For thousands of Haitian children, the new norm of life is being played out in crowded tent cities or even worse – the streets – with no focused activity and no hope of schools opening any time soon. Even as the beleaguered government of a devastated nation scrambles to make the April 1 goal of reopening schools – the second such goal since the earthquake on Jan. 12 – it's becoming all too clear that making this goal, according to a New York Times article on March 6, is becoming "increasingly remote."
Of course, these children need to get back into the classroom so they can learn the necessary skills needed to become productive citizens in their country, but it isn't only their education that needs to be addressed. Safety is also a major concern as these children living in tent cities are vulnerable to all sorts of crime. In addition, with the rainy season which lasts from March until May and the subsequent hurricane season which runs its course from June to November, the children could be exposed to all sorts of virulent weather.
It's clear that Haiti will need foreign assistance for some time as the reopening of public schools is just one of many issues the nation's government is trying to address. However, even as the work to rebuild Haiti has barely begun, interest is waning. The outpouring of support was tremendous at the beginning, but like so many disasters in the past, interest drops off dramatically when the long and tedious process of rebuilding begins.
Like any large-scale disaster, the immediate response from rescue and relief organizations is crucial in the saving of lives. Recovery of those lost is necessary to determine where to begin rebuilding. Funding from public and private sources is essential in making all of this happen in the first days and weeks of a disaster, but what happens after those who can be saved are rescued and the "first response" teams go back home?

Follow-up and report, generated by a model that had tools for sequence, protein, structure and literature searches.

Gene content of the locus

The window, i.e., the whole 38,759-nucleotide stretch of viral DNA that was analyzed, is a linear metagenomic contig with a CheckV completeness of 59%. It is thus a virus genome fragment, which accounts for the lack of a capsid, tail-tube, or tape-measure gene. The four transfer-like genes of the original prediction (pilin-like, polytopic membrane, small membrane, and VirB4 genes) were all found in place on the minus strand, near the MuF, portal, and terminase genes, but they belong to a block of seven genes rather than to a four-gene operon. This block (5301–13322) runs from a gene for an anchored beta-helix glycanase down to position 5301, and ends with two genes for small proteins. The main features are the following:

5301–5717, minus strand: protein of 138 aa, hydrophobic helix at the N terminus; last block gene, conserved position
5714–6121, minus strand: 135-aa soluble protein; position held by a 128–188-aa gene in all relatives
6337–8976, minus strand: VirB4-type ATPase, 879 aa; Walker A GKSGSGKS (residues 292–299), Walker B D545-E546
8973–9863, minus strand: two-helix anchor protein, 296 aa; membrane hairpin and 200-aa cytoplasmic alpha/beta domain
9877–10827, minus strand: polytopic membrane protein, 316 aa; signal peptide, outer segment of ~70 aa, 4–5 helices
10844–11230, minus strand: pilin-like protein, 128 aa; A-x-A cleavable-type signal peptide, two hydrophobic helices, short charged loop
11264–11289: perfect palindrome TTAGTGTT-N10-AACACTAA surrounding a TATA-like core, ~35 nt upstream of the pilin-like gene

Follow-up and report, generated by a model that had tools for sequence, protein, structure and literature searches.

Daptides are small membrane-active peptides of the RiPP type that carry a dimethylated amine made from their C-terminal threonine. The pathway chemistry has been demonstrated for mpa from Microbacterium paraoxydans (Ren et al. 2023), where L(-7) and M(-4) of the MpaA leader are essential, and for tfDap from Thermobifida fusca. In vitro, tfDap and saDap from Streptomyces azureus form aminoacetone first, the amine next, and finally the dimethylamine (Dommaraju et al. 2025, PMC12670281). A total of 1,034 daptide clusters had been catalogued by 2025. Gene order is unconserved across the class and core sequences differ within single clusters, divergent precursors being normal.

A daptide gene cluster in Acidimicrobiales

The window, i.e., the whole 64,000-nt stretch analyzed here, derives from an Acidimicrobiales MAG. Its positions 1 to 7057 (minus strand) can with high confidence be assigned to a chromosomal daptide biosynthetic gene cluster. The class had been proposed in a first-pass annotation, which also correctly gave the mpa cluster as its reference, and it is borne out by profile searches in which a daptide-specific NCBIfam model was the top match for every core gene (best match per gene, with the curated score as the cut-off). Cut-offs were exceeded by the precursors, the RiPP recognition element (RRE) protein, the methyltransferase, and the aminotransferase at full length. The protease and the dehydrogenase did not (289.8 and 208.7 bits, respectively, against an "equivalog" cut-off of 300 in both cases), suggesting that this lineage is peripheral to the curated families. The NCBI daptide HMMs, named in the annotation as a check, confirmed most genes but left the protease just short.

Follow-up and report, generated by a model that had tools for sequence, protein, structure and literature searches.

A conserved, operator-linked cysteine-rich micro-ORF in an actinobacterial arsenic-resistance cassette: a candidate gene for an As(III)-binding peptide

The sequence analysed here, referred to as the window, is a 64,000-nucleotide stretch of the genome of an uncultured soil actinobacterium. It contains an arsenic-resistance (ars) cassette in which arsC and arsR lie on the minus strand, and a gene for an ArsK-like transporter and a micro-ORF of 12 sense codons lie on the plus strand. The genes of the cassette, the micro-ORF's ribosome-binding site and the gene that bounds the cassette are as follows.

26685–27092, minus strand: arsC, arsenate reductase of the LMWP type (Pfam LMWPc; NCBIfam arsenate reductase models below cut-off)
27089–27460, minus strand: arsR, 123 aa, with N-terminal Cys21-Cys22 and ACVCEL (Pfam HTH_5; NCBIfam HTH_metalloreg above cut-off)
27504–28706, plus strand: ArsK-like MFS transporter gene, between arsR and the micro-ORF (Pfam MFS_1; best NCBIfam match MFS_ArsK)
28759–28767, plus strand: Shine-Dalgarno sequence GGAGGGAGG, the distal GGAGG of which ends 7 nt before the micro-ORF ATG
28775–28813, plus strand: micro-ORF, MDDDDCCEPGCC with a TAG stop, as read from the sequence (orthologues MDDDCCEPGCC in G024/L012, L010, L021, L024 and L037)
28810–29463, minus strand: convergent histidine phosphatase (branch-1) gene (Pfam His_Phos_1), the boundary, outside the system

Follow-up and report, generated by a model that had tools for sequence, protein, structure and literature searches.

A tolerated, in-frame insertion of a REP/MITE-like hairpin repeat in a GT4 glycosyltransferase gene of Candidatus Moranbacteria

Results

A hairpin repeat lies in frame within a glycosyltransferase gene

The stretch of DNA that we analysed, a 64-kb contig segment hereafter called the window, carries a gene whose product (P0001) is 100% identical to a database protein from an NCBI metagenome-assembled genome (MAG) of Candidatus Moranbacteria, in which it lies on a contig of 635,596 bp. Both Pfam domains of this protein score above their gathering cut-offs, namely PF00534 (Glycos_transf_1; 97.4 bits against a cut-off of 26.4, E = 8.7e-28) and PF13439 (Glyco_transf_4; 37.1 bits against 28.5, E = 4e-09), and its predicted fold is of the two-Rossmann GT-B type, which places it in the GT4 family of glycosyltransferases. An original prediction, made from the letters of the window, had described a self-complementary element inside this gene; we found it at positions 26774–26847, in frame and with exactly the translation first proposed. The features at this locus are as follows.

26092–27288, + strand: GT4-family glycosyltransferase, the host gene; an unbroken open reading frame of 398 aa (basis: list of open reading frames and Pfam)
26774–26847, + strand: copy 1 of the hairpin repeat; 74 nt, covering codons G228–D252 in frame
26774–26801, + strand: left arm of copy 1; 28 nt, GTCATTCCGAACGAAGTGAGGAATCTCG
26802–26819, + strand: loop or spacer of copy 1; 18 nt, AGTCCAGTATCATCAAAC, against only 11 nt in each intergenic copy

Who will be around to help this nation of tent cities get back on its feet and thrive?
To truly help the people of Haiti in the long-term, relationships need to be made; trust needs to be built. Networks need to be in place, so that when disaster strikes, the response is immediate and effective. With such a system, food and other supplies can get to those who need it the most. Children and their families can be accounted for. The sick and injured can be cared for.
This takes time, though, and time is something Haiti doesn't have lest it sacrifices another generation while these relationships are being made. Fortunately, we don't have to wait for these kinds of relationships to be developed. There are organizations that have already made the investment in Haiti long before the earthquake in January ever struck. One such organization is Compassion International.
Compassion has been in Haiti since 1968, and now, through a partnership with Engineering Ministries International, is determining not only what repairs are needed at school buildings serving its network of church partners but is also looking at how to improve buildings and facilities to withstand future earthquakes.
In the meantime, Compassion is leveraging its strong relationships with its partner churches and church leaders in Haiti to hold school in tents for children affected by the quake. For eight hours per day and six days per week, children gather in the courtyards of these churches and church schools and participate in physical activities such as sports, dancing, and crafts. They also participate in spiritual activities as well as activities designed to address some of their deeper psychological needs. These children are excited and relieved for a chance to play a simple game of dominos with friends and share a hot meal of rice and beans – a sense of normalcy in a world that had been abruptly and violently turned upside down.
Even though these "classrooms" may be nothing more than tents right now, for the children who enter them each day, they are so much more. They are a refuge in a world gone mad. They are a place of peace where kids can be kids and start dreaming about their futures again. They are a place where, even though their old classrooms are still unusable, things feel "normal." There can be no greater sense of security for a young child than that.
Through child sponsorships, Compassion International serves more than 64,000 children in Haiti working to permanently break their cycle of poverty. Compassion International is the world's largest Christian child development organization that permanently releases children from poverty. Founded in 1952, Compassion successfully tackles global poverty one child at a time, serving more than 1 million children-pre-natal through higher education-in 26 of the world's poorest countries. Recognizing that poverty is more than a lack of money, Compassion works through local churches to holistically address the individual physical, economic, educational and spiritual needs of children, enabling them to thrive, not just survive. Compassion has been awarded eight consecutive four-star ratings by Charity Navigator, America's largest charity evaluator.